what really upsets me is the fact that terminal C (owned by AA) is way underused. After the acquisition of Canadian by Air Canada, only 3 airlines operate from this terminal: Midway, AA and Midwest Express. Every time I use this terminal it is empty, whereas everybody else is cramped in terminal A. Of course as Midway expands they will need more gates and if AA decides to rent them a couple of gates, the terminal is going to be busier, but still I think that AA slows down the development of the airport as the airport cannot grant any gate in terminal C to any airline which would be interested in serving RDU. When Southwest annouced they wanted to serve RDU the airport had to build more gates in terminal A. I think it's a ridiculous situation and nobody understands the AA's strategy on that one.
DCA-ROCguy From United States of America, joined Apr 2000, 4402 posts, RR: 37 Reply 9, posted (12 years 8 months 4 weeks 1 day 11 hours ago) and read 764 times:
Dear MLS737 and all,
Has the RDU airport authority considered suing American to regain control of the terminal? What kind of lease did AA sign? Terminal C was built in the mid-80s, 15 years is a long time--isn't the lease up soon?
IS it possible that AA is thinking about returning to RDU? They're beefing up again in San Jose after cutting that hub back a few years ago; they're up to over 70 flights a day plus Eagle at SJC now.
But a new RDU hub still seems unlikely since American is spending billions on its stadium-sized terminal at JFK, and if they're going to expand again in the East that'd be a logical place to do it.
At least, the Triangle region political leaders should make a stink about American's odd intransigence, in Washington. Big Air is in hot water with Capitol Hill right now and this would be a good time to apply pressure.
Cactusa319 From United States of America, joined Jan 2000, 2918 posts, RR: 28 Reply 10, posted (12 years 8 months 4 weeks 1 day 11 hours ago) and read 752 times:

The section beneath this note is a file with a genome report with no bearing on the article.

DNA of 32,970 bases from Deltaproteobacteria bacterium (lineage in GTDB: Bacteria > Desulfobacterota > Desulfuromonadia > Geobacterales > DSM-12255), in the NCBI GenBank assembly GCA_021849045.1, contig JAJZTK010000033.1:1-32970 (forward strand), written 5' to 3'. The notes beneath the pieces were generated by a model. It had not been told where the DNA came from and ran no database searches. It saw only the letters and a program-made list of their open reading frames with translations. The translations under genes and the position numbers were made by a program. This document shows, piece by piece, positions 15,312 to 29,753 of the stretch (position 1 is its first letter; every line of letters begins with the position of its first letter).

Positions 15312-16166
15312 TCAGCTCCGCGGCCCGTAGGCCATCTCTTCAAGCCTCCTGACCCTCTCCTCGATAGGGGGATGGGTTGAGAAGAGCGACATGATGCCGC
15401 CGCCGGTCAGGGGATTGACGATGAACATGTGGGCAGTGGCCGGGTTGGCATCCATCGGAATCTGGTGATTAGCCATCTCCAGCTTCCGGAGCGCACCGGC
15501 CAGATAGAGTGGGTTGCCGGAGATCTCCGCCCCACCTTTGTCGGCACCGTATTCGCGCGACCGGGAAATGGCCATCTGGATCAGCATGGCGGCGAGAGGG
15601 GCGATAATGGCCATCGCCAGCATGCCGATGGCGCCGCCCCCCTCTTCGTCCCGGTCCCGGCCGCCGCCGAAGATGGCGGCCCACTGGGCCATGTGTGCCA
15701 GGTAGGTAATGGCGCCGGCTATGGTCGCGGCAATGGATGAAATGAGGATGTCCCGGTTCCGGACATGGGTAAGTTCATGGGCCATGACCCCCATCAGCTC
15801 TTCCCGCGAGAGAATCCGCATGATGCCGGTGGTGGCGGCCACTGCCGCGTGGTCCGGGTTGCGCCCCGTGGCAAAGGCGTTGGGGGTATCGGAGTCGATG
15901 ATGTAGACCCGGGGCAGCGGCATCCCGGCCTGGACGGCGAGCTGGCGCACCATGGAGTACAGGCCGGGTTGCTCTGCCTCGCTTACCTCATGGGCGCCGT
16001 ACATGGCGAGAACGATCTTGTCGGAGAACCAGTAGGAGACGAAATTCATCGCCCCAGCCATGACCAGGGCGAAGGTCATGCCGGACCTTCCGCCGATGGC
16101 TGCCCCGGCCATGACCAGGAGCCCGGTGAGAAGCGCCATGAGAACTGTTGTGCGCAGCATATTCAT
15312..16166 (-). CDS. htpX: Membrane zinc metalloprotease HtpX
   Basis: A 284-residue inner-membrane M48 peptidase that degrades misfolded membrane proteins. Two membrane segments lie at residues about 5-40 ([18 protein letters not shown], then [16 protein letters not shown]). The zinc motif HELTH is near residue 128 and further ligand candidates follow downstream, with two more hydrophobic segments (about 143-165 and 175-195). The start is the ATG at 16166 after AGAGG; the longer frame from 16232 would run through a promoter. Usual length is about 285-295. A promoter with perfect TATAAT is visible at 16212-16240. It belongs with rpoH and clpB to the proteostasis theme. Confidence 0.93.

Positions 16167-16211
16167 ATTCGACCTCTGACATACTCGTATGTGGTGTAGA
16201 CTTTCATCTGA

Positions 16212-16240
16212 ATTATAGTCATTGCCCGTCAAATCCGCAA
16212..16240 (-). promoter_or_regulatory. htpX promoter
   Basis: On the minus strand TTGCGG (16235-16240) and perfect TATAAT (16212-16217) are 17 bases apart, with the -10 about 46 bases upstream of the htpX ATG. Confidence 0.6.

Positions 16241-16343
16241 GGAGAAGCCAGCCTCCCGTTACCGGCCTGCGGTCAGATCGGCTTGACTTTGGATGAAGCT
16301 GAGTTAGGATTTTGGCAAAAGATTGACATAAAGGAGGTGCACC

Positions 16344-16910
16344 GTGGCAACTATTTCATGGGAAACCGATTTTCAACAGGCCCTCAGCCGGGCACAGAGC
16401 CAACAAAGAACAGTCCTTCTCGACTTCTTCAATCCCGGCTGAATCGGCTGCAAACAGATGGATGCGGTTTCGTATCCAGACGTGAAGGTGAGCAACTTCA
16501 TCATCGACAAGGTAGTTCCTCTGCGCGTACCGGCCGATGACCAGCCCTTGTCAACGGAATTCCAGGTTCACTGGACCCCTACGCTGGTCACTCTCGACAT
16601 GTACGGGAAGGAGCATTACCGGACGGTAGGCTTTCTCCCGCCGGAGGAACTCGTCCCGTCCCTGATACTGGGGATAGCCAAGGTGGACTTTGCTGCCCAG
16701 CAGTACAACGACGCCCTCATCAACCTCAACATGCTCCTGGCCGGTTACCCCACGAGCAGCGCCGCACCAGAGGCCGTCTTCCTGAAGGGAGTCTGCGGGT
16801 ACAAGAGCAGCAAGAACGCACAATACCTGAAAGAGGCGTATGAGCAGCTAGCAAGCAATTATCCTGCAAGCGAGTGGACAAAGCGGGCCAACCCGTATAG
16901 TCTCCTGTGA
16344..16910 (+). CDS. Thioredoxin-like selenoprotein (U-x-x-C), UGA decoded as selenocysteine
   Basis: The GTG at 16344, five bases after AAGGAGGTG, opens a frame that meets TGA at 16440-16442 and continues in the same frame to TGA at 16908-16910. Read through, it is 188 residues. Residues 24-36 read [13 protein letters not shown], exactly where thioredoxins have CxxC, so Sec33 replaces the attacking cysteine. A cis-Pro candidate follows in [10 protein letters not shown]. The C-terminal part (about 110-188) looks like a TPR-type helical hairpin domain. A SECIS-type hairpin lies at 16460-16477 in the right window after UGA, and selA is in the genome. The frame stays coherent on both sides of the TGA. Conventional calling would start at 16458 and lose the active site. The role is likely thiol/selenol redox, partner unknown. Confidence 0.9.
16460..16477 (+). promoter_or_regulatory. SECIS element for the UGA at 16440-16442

AA probably signed a long-term lease with RDU for the gates when they made it a hub. They did the same thing with the BNA hub years ago. Actually it has been common practice between major carriers and airports until recently. Why not anymore? Cuz of airlines like AA. They pulled out of RDU and BNA as hubs, but the kept all the gates. And even though the gates are not being used, AA still has control over them and pays for them. I'm not sure if the airline can give up the gates or what, but I know that BNA has a bunch of deserted gates from when AA left town. I think WN uses some of them now, but most just sit empty. My guess is that AA could sell them or sublease them if they wanted to but I'm not sure....
Mls737 From , joined Dec 1969, posts, RR: Reply 11, posted (12 years 8 months 4 weeks 1 day 11 hours ago) and read 754 times:
I was reading about this in the newspaper a couple of months ago, and I think that AA will own the terminal for many years to come. See, when AA said they wanted to build a hub in RDU the airport was probably so psyched that they gave all what AA requested (among which a long-term lease). I am not sure the airport can really sue AA, otherwise I think they would have done it already. The plan for the airport right now is to keep expanding terminal A to meet the demand of other airlines as long as they don't have control over terminal C. When they gain control over this terminal again they will expand it too.
As for AA having plans in RDU in the future? I doubt it otherwise they would not let the terminal go bad like they do now. It would cost them a pretty penny to make all the repairs necessary and since it looks like they are cheap, I don't think they would do it. AA is only a small player in RDU now with barely 30 flights a day. Given that AA has already a hub in Miami and that they strenghten their position in NY, I don't see the need for them to come back to RDU.